Temptations of the flesh are difficult to overcome because the flesh exhibits cravings that do not go away until satisfied. When a person is under bondage or addiction, physical side-affects can be very intense. Scripture often mentions being a slave to sin. The flesh starts by choosing to sin with its free will; but over time has no freedom at all to reject sin, becoming a slave to sin.
The battlefield between the flesh and the Holy Spirit is the mind. “For those who live according to the flesh set their minds on the things of the flesh, but those who live according to the Spirit set their minds on the things of the Spirit.” (Romans 8:5) To overcome the flesh, it takes willpower and dedication. Paul advises “be transformed in the renewal of your mind.” (Romans 12:2)
“Whoever sins belongs to the devil, because the devil has sinned from the beginning. Indeed, the Son of God was revealed to destroy the works of the devil” (1 John 3:8). The devil opposes Jesus, the Christ, the Son of God.
Saint Michael the Archangel, protect us in battle.
Temptations of the devil are difficult to recognize because the devil is cunning, a master of lies and often does nothing more than set up situations where the world and the flesh can take over. This is what happened in the Garden of Eden. The serpent baited Eve into temptation, but did not force her to sin. Eve fell to a fleshly desire for wisdom and equality with God. The devil is not capable of forcing anyone to sin, except for the very few who open themselves up to demonic possession.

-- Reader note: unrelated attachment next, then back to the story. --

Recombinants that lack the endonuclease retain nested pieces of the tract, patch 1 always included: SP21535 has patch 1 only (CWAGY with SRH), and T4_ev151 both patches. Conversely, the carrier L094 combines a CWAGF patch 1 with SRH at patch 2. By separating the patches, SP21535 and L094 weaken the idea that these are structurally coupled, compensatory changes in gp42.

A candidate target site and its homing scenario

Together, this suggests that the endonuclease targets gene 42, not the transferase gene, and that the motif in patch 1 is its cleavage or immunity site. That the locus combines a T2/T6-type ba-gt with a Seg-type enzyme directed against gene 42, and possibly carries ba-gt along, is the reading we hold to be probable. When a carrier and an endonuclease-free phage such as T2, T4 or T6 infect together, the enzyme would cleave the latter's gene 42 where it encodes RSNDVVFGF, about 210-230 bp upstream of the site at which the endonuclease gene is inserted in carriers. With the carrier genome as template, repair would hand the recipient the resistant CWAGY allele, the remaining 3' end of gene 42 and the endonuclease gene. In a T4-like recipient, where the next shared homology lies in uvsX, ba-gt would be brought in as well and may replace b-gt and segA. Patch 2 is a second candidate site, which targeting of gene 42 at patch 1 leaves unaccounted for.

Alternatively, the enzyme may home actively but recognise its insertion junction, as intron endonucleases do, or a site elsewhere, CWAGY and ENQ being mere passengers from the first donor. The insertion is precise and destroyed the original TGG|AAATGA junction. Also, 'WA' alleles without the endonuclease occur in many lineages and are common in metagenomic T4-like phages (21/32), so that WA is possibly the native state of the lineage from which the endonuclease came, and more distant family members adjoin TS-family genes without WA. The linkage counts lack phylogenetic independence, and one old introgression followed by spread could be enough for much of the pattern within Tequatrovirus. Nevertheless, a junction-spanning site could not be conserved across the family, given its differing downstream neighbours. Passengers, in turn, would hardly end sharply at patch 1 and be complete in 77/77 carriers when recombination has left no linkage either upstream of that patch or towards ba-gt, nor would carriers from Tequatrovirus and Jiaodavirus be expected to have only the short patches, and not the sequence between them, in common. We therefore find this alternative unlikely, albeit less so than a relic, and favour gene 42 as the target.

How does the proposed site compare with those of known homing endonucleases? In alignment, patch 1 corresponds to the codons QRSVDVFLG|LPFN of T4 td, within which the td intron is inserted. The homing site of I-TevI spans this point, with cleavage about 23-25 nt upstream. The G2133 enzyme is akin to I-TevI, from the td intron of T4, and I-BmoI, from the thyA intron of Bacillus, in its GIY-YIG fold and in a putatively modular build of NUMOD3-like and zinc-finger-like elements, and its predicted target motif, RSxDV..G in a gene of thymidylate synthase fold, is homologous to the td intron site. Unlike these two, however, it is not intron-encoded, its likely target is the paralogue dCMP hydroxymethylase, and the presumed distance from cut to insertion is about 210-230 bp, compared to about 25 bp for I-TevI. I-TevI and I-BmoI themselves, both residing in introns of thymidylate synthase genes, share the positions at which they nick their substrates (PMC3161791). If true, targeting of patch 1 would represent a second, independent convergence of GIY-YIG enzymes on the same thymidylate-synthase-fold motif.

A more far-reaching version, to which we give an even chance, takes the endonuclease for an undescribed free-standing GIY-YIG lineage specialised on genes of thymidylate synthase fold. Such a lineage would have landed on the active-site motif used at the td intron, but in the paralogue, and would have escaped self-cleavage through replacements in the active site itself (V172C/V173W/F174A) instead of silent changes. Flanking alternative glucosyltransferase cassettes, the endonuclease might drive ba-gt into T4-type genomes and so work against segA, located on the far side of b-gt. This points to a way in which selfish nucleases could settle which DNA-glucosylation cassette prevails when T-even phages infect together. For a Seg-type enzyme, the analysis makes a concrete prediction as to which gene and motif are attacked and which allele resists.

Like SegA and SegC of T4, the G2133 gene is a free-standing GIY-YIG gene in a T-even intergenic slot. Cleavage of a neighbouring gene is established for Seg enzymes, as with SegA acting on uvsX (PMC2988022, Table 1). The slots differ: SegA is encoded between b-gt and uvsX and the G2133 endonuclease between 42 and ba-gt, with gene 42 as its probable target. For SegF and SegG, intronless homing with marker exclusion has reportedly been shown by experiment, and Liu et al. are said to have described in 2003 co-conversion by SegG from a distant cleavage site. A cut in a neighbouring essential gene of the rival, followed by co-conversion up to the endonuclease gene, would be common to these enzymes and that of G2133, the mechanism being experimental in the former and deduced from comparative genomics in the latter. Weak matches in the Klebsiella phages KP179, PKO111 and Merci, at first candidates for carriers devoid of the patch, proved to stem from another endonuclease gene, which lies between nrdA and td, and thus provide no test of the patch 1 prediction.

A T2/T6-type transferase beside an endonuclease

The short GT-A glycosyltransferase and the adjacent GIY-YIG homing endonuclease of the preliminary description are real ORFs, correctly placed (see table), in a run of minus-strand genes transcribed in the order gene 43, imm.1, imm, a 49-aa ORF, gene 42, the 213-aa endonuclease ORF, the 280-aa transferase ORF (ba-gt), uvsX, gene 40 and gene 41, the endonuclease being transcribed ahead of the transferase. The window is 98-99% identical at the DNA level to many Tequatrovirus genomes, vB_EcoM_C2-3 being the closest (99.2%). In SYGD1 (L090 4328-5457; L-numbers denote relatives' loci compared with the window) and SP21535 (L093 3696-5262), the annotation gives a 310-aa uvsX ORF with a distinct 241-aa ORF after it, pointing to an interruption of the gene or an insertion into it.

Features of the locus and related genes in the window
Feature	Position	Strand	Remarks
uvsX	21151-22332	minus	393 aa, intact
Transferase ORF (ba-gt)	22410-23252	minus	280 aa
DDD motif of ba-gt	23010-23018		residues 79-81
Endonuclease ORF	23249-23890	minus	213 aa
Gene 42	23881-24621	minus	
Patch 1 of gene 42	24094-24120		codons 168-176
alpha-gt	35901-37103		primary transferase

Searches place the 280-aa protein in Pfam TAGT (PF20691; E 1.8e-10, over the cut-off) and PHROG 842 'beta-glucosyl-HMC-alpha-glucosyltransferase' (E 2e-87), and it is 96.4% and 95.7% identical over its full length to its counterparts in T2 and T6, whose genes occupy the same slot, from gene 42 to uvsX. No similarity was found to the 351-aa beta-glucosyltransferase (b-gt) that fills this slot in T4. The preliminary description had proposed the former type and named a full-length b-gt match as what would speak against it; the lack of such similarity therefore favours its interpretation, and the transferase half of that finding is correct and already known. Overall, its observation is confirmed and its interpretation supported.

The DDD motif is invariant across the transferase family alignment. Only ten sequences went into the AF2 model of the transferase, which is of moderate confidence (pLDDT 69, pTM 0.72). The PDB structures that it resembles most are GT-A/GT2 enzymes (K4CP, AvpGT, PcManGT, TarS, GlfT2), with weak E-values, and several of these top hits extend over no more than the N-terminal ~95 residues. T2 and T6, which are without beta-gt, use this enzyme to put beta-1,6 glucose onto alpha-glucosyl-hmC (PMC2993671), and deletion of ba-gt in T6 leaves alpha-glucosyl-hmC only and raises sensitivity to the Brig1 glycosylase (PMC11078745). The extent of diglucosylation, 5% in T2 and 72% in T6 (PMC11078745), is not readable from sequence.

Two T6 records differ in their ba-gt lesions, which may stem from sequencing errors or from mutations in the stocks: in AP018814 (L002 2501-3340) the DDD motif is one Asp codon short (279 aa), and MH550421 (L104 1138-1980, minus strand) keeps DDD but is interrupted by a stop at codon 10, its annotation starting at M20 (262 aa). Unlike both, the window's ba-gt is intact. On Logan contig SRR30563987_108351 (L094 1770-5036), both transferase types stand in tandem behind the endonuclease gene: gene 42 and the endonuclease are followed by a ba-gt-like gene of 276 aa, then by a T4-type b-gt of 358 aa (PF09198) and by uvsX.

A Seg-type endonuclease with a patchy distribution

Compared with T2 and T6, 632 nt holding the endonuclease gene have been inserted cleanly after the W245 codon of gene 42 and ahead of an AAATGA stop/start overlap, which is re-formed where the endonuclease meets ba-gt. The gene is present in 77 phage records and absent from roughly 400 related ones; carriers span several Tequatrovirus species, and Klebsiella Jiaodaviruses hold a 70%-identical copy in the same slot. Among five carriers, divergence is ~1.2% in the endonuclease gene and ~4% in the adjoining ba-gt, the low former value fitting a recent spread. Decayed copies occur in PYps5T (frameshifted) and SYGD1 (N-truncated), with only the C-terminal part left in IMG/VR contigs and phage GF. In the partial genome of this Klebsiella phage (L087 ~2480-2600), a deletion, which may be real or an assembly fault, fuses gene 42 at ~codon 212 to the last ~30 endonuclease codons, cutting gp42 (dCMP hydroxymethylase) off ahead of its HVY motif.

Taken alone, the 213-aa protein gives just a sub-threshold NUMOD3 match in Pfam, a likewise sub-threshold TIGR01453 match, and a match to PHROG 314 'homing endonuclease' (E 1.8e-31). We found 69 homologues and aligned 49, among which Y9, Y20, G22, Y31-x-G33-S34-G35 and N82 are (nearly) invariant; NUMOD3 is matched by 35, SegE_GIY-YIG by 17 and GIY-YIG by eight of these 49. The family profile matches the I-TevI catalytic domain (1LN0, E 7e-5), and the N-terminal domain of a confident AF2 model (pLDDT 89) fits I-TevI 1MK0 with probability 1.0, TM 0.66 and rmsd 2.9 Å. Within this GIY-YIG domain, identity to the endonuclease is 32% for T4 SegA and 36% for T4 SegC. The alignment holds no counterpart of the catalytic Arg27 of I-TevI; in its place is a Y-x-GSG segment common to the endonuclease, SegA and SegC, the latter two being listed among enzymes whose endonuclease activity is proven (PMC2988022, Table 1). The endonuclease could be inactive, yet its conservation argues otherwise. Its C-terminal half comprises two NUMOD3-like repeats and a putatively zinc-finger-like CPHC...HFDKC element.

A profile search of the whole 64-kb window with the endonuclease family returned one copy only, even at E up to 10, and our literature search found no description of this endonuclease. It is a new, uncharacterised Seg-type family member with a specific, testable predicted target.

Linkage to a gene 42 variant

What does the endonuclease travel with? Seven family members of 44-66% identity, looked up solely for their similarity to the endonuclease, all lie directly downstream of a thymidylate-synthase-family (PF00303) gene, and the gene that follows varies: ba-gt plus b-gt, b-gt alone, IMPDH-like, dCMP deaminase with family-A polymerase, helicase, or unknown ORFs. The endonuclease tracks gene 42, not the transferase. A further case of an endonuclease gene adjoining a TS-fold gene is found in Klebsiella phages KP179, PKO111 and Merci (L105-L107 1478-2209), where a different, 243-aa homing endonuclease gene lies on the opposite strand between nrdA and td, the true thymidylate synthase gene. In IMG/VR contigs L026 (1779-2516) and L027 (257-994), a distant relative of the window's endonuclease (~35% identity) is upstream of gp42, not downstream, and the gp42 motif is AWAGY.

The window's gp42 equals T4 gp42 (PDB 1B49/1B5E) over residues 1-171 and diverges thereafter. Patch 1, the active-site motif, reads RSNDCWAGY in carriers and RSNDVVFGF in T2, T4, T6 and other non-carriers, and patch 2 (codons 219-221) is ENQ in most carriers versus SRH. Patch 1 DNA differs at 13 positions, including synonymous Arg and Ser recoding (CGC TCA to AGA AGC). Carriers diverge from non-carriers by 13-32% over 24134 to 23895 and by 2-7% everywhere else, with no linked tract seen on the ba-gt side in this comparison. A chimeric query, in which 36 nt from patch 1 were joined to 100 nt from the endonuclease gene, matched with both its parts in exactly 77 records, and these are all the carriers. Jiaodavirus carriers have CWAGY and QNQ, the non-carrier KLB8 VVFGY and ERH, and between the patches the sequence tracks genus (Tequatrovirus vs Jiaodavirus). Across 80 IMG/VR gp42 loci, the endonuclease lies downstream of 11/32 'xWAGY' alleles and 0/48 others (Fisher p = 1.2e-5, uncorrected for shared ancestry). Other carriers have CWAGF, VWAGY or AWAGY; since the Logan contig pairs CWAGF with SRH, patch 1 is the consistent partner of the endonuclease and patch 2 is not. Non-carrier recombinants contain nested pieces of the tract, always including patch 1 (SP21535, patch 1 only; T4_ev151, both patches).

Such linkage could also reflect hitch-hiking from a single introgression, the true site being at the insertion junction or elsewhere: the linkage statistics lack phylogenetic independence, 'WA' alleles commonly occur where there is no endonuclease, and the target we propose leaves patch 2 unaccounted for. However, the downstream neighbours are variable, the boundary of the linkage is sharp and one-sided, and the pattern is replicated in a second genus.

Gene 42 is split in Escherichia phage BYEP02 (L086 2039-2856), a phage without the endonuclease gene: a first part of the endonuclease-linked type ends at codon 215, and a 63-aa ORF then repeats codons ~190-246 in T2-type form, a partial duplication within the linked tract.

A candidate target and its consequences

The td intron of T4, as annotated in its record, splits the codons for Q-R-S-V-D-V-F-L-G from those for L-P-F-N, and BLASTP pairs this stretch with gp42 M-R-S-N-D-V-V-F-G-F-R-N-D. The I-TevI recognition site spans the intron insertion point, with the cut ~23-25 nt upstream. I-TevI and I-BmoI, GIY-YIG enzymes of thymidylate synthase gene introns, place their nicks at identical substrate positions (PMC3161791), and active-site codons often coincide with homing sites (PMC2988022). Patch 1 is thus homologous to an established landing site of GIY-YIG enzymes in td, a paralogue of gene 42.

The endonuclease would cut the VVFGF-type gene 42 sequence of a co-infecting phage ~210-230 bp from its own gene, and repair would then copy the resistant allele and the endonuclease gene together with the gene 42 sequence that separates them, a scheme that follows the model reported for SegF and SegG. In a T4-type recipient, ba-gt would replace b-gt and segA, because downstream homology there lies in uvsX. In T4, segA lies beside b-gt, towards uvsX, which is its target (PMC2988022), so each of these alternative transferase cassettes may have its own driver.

The devil is viewed by some as being the opposite of God; God’s equal but only evil instead of good. This concept is not true. The devil is nothing more than a fallen angel, created by God and completely submissive to God. The Apostle Paul writes “at the name of Jesus every knee should bend, of those in heaven and on earth and under the earth.” (Philippians 2:10) The Apostle James gives us even more encouragement, “So submit yourselves to God. Resist the devil, and he will flee from you.” (James 4:7) The devil is not to be feared. But even when the devil flees, but only for a time, there will still be temptations from the world and the flesh.